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W.Va. public pension board asks judge to review eligibility after ex-judge's felony conviction

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CHARLESTON, West Virginia — A former West Virginia judge's public pension is being called into question following his corruption conviction.

The West Virginia Consolidated Public Retirement Board on Thursday asked a circuit judge to determine that ex-Mingo Judge Michael Thornsbury is ineligible to receive his pension due to his felony conviction.

The Charleston Daily Mail reports (http://bit.ly/1t1Pdkf) that the petition seeks to end retirement benefits for Thornsbury and any marital benefits received from his ex-wife Drema Thornsbury.

According to the petition, Thornsbury contributed a little more than $3,000 to the public employees' retirement system and more than $167,000 to the judges' retirement system.

The petition asks the Kanawha County Circuit Court to find that Thornsbury "rendered less than honorable service" under state code.

Earlier this year, a federal judge sentenced Thornsbury to four years and two months in prison. He had pleaded guilty to conspiring to deprive campaign sign maker George White of his constitutional rights. Prosecutors said Thornsbury participated in a scheme to protect the late Sheriff Eugene Crum from accusations that the sheriff bought prescription painkillers from White.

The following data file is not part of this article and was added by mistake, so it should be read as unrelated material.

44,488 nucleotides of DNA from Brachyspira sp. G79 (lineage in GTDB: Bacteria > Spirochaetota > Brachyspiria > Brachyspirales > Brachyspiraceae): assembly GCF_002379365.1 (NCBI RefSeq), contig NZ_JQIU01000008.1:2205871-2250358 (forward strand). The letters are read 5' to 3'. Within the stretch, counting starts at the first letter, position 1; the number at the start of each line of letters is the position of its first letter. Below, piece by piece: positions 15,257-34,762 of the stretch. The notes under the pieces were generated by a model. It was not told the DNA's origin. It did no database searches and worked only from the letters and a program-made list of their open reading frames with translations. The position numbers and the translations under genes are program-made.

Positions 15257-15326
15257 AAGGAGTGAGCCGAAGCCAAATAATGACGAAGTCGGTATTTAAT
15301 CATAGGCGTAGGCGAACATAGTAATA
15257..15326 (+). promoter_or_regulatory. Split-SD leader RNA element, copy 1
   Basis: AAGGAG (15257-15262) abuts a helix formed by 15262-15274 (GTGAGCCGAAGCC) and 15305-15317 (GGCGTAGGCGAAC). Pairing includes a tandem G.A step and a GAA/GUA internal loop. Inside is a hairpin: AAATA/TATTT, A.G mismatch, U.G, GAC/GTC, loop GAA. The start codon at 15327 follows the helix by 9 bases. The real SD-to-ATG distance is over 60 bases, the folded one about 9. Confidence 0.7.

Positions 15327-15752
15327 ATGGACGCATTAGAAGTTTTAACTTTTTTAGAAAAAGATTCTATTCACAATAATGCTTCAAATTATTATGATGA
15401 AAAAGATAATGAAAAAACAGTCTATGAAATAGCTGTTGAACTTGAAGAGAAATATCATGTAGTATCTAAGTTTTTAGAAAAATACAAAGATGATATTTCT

Board representative J. Jeaneen Legato said that when a person is convicted of a felony offense related to a person's employment, that qualifies as "less than honorable service."

When the board receives notification that a person is convicted of a felony offense, it votes on whether the offense is related to that person's employment.

Legato said after the board voted it notified Thornsbury, who asked for judicial determination. Thornsbury also has appealed his sentence with the 4th U.S. Circuit Court of Appeals in Richmond, Virginia.


Information from: Charleston Daily Mail, http://www.charlestondailymail.com

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